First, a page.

The Phantomime
Chapter Twenty
Marissa had all the skills I didn’t when it came to saving a theater, which is a good thing because I didn’t have any. She was the eye of the storm while I was the bit of corrugated iron that accidentally knocked someone’s head off.
I wasn’t surprised when she arrived at school the next morning with professional-looking printouts of the possible posters for The Phantomime and several books of tickets.
“I designed them, so I can’t be neutral,” she said. “You have to choose.”
They were all spectacular, but we both agreed the best was a poster in a blue so dark it looked black, with white silhouettes of the ghosts. In the background were more silhouettes of crows and jack-o’-lanterns, with flames creeping up the borders of the poster.
“Sweet.” I ran my finger around Cresswell’s outline, complete with exaggerated mustache poking out on either side of his face. I imagined it curling up in delight at the poster.
Across the top it read: THE PHANTOMIME. Majestic Theater, starting 11 p.m. on Halloween. One Night Only! Then, in a big slash across the bottom: Prepare for a Scare!
Marissa said, “Mom’s giving me her Steampunk Bride costume from some convention her and dad went to a couple of years ago. We’ll get a narrator who can wear it onstage.”
“A narrator?” I asked, dragging my gaze away from the poster mock-up to look at her.
“Sure. Someone has to introduce the play, be the emcee, or something.” She took the rejected posters from me and swapped them in her locker for her books.
“But, there’s no words in the play.”
I had forgotten I ever wanted to stand on a stage until that moment. Now I was in danger of turning rabid. Me. On stage. Introducing the most magnificently creepy play that the world had ever seen. It. Was. Destiny.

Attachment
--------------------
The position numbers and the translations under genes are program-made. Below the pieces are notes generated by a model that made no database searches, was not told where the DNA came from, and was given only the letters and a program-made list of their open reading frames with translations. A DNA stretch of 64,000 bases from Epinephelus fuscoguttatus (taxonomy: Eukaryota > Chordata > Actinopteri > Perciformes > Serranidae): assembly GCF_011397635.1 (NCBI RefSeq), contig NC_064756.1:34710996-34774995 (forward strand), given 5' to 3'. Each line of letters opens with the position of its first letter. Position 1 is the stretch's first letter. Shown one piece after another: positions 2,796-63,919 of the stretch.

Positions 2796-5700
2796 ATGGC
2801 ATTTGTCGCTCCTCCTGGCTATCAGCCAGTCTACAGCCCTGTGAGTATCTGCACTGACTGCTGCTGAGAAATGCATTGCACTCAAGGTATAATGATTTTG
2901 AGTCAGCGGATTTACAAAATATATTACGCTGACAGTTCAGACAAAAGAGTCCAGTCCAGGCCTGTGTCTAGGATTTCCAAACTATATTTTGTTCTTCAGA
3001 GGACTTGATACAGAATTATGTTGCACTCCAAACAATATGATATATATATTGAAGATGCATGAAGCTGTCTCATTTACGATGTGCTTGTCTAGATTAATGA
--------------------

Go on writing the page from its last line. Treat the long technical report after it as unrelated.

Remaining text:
Marissa slammed her locker and looked at me like I was clueless. “All the more reason we need someone to introduce it. It should be a professional.”
My eyes went wide. “Or me.”
“Ooor, someone professional, since that’s what would be best for the play.”
“Or me, because there wouldn’t be a play without me.”
“Or a professional because there won’t be much of a play with you. Remember the last time you were in the news?”
We stood nose to nose in the middle of the hallway, dodging the steady stream of kids. I tried to stand still but everyone who missed Marissa seemed to crash straight into me.
I had to force the words out past pursed lips. “I have confidence—and—and stage presence. It takes guts to do the stuff I’ve done.”
“It takes brains not to do the things you’ve done.” Aside from her chest going up and down in agitated puffs, you’d never know how angry Marissa was. She had a killer poker face.
“At least I’ve done things. I know what I’m good at. I follow my dreams.” My fists were tight, very ticked-off balls of anger at my sides.
Marissa blinked at me. That was one step too far. Her sketchbook bulged with designs she never showed anyone but me. From the look on her face, I doubted I’d ever see them again.
I had to fight to stay upright after a boy with the size and co-ordination of a polar bear walked into me. So much for dignity. By the time I’d reorganized my limbs, Marissa had gone.
I looked down at the utterly perfect poster in my hand.
I spent the whole school day suffering that special loneliness you get when you know you’ve been a complete and utter dirtbag. Every angry glance from Marissa made it worse. I spent lunch hour and free period trying to recreate her Phantomime poster in my notebook, but silhouette stick figures don’t have the same oomph, somehow.
After the final bell, she’d been to her locker before I got to mine.
If she wanted to ignore me, then I’d do the same. I found the ghosts on my own, I’d figure out the play stuff alone, too.
Because the weather had a sick sense of humor—or maybe an awesome sense of justice—it turned nasty on my walk to the theater. The wind blew straight through my coat and turned my nose into a freckled icicle in the middle of my face.
I pushed the door open as usual and dragged myself up the stairs to find Will sitting by the theater door. “I don’t think you should go in there,” he said.
My shoulders slumped. Organizing the play by myself would be a lot easier if I had help.